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290     Material for Erewhon Revisited

Languages who had invented a kind of Ollendorffian system
for teaching the Art of Polite Conversation among cats.

They have an art-class in which the first thing insisted on
is that the pupils should know the price of all the leading
modern pictures that have been sold during the last twenty
years at Christie's, and the fluctuations in their values. Give
an examination paper on this subject. The artist being a
picture-dealer, the first thing he must do is to know how to
sell his pictures, and therefore how to adapt them to the
market. What is the use of being able to paint a picture unless
one can sell it when one has painted it ?

Add that the secret of the success of modern French art
lies in its recognition of values.

Let there be monks who have taken vows of modest com-
petency (about £1000 a year, derived from consols), who
spurn popularity as medieval monks spurned money—and
with about as much sincerity. Their great object is to try and
find out what they like and then get it. They do not live in
one building, and there are no vows of celibacy, but, in prac-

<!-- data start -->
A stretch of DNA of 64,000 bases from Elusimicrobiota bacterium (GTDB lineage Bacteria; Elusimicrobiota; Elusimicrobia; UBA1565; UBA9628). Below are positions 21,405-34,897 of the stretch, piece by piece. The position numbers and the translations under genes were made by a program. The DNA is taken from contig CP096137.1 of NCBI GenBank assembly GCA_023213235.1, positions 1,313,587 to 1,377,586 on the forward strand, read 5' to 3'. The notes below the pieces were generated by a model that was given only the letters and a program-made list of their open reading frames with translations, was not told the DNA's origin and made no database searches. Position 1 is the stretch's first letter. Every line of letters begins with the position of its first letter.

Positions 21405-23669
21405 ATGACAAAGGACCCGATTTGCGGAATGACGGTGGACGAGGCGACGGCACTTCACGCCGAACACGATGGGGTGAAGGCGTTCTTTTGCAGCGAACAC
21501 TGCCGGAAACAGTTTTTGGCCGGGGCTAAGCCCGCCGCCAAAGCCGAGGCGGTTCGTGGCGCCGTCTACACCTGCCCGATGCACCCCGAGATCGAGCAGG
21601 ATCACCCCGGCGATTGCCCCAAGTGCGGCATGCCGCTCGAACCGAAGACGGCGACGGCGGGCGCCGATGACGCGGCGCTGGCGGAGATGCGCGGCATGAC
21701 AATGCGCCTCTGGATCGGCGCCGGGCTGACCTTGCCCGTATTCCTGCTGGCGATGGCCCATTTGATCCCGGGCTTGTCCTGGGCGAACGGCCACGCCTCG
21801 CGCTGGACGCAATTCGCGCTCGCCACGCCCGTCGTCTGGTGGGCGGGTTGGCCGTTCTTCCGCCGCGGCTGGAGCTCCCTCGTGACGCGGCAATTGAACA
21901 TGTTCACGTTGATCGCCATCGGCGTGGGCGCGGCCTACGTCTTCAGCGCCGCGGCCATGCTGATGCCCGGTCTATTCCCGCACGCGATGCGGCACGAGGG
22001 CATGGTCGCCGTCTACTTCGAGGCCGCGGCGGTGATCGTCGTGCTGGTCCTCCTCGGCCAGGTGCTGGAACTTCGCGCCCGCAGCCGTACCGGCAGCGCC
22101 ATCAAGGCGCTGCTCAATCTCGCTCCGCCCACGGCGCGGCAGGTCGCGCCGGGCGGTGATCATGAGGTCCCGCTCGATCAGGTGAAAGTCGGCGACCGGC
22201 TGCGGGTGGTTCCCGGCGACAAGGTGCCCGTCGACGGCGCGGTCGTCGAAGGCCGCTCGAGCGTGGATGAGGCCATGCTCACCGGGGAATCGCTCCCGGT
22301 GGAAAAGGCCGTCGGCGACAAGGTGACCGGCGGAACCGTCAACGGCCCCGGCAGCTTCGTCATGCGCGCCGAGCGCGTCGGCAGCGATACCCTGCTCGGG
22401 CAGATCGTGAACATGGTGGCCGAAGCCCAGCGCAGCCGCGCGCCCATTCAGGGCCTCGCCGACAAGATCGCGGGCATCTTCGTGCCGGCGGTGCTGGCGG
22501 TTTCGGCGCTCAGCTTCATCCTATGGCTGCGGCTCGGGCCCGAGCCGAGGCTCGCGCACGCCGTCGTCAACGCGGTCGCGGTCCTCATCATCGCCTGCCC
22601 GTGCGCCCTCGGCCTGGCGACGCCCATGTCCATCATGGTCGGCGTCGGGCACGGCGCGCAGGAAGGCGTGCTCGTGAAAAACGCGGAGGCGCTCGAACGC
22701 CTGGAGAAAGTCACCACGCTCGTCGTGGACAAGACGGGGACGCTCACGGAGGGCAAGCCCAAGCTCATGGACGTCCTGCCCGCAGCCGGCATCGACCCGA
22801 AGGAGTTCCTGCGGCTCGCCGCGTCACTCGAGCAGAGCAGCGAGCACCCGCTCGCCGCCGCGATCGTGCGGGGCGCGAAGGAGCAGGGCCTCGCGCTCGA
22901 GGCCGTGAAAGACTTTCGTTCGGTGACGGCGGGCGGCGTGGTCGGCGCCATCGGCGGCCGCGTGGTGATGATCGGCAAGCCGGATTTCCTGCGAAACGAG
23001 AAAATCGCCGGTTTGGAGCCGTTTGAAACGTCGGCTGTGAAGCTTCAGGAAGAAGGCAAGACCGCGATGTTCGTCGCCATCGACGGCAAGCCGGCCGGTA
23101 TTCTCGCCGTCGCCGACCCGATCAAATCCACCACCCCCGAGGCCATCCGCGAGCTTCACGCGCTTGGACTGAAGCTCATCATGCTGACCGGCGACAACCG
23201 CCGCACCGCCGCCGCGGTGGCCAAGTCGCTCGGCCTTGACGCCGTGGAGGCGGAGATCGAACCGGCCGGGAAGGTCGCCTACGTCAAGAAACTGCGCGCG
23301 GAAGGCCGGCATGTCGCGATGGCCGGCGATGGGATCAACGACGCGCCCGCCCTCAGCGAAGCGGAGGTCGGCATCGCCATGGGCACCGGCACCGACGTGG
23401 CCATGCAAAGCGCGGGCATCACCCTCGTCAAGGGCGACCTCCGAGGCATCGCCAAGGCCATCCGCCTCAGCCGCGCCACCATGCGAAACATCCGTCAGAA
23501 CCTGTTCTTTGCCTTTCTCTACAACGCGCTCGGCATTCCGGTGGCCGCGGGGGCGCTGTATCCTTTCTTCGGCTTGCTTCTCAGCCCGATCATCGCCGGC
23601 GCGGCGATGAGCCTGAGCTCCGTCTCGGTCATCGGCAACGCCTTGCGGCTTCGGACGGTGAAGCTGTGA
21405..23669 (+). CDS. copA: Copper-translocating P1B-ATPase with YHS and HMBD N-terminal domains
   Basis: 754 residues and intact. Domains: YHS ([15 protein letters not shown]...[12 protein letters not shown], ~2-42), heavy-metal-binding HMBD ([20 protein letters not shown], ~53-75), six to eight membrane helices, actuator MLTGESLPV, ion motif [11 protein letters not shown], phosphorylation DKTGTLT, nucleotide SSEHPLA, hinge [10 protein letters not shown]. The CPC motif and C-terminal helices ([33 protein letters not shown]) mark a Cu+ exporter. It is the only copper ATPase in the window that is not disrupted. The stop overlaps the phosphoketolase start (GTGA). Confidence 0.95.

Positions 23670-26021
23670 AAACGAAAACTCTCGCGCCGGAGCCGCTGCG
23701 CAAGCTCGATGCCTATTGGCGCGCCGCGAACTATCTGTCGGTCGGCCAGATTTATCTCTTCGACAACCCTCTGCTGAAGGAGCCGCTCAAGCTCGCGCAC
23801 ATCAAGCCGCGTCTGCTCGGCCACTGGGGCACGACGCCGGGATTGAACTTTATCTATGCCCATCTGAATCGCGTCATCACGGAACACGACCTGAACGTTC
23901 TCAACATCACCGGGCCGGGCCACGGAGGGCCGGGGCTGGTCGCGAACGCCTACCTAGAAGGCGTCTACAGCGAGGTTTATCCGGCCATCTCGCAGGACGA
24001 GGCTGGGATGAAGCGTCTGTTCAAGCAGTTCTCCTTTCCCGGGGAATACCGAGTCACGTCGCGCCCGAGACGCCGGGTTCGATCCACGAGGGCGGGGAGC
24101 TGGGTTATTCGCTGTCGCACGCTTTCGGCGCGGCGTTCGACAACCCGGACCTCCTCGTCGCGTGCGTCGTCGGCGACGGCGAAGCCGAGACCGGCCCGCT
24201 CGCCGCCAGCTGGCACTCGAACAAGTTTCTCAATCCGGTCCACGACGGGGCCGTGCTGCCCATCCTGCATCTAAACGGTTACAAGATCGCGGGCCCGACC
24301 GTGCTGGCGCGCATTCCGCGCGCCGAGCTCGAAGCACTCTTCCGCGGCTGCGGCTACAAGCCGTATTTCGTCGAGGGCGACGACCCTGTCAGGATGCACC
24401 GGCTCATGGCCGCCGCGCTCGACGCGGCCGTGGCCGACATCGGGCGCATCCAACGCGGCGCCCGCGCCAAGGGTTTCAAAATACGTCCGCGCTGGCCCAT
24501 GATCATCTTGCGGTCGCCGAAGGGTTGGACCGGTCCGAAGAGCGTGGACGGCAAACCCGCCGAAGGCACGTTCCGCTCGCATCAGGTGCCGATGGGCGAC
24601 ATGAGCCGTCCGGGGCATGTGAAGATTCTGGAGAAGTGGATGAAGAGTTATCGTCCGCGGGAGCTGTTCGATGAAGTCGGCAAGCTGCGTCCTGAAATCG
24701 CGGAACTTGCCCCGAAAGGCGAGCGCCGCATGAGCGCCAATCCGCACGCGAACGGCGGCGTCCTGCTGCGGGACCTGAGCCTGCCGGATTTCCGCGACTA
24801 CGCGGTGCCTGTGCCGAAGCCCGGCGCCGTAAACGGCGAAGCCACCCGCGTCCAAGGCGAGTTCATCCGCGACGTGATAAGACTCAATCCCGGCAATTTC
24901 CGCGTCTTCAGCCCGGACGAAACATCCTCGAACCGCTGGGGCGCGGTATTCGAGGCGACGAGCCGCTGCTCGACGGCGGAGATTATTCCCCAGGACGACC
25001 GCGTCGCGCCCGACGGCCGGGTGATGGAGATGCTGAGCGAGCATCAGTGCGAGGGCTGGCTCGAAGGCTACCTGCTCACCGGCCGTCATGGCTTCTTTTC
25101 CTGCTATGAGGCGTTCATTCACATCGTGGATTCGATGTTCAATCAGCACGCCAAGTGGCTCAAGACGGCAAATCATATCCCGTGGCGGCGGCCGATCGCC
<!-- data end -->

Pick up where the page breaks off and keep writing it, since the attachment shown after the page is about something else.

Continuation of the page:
tice, when any member marries he drifts away from the society.
They have no profession of faith or articles of association, but,
as they who hunted for the Holy Grail, so do these hunt in all
things, whether of art or science, for that which commends
itself to them as comfortable and worthy to be accepted.
Their liberty of thought and speech and their reasonable en-
joyment of the good things of this life are what they alone
live for.

Let the Erewhonians have Westminster Abbeys of the first,
second and third class, and in one of these let them raise
monuments to dead theories which were once celebrated.

Let them study those arts whereby the opinions of a
minority may be made to seem those of a majority.

Introduce an Erewhonian sermon to the effect that if
people are wicked they may perhaps have to go to heaven
when they die.

Let them have a Regius Professor of Studied Ambiguity.

Let the Professor of Worldly Wisdom pluck a man for want
of sufficient vagueness in his saving-clauses paper.

Another poor fellow may be floored for having written
an article on a scientific subject without having made free
enough use of the words " patiently" and " carefully,"